“…it is to be expected that spiritual direction will give primary attention to such things as the directee’s inclinations in relation to personal prayer life and other ascetical practices like fasting and simplification in life; to senses of God’s presence, absence, or callings; to experience of fundamental meaning; to personal longings for God; and to the multiplicity of factors that seem most to help or hinder freedom for fullness of living in God’s reality. (Gerald G. May. Care of Mind/Care of Spirit. San Francisco: HarperCollins Publishers, 1982, 1992, p. 17)
What would a ministry that is carried out in the spirit of classical spiritual direction look like?
As Gerald May describes it, such a ministry would be intentional about fostering the spiritual lives of each member of the group. There would be attention given the spiritual disciplines to which each one was being drawn. It would be common for discussions and teachings about the sense of God’s felt presence or felt absence to take place in gatherings. People would feel freedom to share places and feeling of what is deeply meaningful in their journey.
This would be the rule, rather than the unexpected exception. Hunger for God would be a theme running throughout the community and it would be part of the group culture to share these longings with one another and pursue them together. There would be grace to honestly share places of trouble, stress, barriers to living as freely and fully as God invites us to live. Father, raise up communities of faith with such a spirit.
“…the real importance of spiritual experiences can be considered only in terms of how they change and affect our lives in relation to God, ourselves, and each other. In part, these changes depend upon how we integrate and respond to the experience. In spiritual direction it is necessary to examine such effects and responses carefully, rather than focusing simply on the content of an experience. This can be facilitated by asking questions like Where did this experience seem to come from? What was going on in your mind at the time? What relationship did it seem to have with your prayer? Has your attitude changed as a result of this experience; is there anything different in your daily life? Has your prayer life changed? What does this experience say to you about your relationship to God and to other people? Has it in any way helped you be less selfish and more loving? Where do you see grace in what you have been through? (May, p. 51)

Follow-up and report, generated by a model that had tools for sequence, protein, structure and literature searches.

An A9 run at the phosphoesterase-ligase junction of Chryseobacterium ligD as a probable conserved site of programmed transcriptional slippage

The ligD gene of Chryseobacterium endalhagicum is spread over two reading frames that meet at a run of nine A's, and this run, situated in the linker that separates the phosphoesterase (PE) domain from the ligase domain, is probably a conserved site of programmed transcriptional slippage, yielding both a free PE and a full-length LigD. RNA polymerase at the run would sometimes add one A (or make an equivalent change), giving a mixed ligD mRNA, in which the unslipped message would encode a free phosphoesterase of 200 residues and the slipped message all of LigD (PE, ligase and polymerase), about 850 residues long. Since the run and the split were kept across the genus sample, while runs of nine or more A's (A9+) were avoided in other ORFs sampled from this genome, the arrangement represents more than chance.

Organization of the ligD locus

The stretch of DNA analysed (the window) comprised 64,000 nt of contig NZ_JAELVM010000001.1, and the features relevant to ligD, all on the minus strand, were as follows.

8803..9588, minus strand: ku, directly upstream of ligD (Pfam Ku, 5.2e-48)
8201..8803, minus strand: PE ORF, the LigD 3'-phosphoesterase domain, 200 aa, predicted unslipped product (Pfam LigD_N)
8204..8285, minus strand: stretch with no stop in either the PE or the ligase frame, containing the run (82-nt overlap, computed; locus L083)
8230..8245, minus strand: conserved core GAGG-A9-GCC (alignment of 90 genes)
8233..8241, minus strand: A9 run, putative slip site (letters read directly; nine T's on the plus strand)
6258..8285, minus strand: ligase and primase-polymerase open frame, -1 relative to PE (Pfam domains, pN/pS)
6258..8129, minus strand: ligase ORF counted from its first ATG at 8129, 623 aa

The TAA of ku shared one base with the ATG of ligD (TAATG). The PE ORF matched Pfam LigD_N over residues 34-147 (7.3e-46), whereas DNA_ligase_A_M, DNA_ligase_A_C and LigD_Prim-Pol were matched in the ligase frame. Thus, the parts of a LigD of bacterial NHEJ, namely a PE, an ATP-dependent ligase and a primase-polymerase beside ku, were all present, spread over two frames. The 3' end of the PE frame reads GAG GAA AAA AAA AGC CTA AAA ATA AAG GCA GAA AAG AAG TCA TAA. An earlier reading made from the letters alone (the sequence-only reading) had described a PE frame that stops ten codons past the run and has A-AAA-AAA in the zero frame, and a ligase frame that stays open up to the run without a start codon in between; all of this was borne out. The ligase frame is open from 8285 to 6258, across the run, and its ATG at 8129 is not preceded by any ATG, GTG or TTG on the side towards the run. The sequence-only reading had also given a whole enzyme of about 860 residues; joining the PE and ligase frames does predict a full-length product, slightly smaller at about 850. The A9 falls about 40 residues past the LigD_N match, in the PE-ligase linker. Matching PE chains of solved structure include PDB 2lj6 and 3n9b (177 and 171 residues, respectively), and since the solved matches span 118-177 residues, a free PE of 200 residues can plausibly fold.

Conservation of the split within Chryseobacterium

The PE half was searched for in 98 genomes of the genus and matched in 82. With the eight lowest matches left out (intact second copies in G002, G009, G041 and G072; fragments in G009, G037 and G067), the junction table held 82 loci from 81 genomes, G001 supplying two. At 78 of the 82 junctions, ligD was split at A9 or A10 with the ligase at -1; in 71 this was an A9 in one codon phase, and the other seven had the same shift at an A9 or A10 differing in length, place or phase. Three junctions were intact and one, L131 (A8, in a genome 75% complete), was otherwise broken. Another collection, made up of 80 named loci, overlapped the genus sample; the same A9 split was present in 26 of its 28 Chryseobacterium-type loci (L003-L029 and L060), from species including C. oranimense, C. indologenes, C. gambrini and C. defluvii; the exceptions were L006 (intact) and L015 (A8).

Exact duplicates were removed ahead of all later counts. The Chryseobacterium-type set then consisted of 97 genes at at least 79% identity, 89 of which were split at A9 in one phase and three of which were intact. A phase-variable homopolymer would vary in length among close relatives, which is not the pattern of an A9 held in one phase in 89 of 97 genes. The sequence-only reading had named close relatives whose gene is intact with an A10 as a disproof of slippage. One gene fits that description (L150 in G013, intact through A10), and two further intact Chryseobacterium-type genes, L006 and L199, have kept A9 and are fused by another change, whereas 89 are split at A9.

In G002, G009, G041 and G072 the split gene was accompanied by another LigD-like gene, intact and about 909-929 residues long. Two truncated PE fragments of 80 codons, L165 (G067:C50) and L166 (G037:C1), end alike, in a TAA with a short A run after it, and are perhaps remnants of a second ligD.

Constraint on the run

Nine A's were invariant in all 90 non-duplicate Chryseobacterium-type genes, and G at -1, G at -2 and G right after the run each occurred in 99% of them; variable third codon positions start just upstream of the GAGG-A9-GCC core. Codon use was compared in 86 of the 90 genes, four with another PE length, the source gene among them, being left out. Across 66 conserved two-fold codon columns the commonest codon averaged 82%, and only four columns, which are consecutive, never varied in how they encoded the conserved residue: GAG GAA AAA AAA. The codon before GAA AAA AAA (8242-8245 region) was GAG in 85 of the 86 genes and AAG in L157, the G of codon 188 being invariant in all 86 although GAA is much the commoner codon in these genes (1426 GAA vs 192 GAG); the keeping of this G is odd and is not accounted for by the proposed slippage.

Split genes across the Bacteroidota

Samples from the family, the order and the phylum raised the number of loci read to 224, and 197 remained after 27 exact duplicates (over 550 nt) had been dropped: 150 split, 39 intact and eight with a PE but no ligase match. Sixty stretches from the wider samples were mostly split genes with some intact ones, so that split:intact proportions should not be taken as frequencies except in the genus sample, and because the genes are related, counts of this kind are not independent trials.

The focus of our spiritual experiences, whether they feel like positive or negative ones, is on our own relationship with God (and not on just what happens to us). The questions May asks here are the kinds of questions I want to become more of my natural vocabulary of interaction with others when they share their own experiences with me.
- Where did this experience seem to come from? (perceived source)
- What was going on in your mind at the time? (inner context)
- What relationship did it seem to have with your prayer? (relationship to prayer)
- Has your attitude changed as a result of this experience; is there anything different in your daily life? (impact on attitude or behavior)
- Has your prayer life changed? (impact on prayer life)
- What does this experience say to you about your relationship to God and to other people? (relating to God and others)
- Has it in any way helped you be less selfish and more loving? (impact on selfishness / selflessness)
- Where do you see grace in what you have been through? (evidences of God’s grace)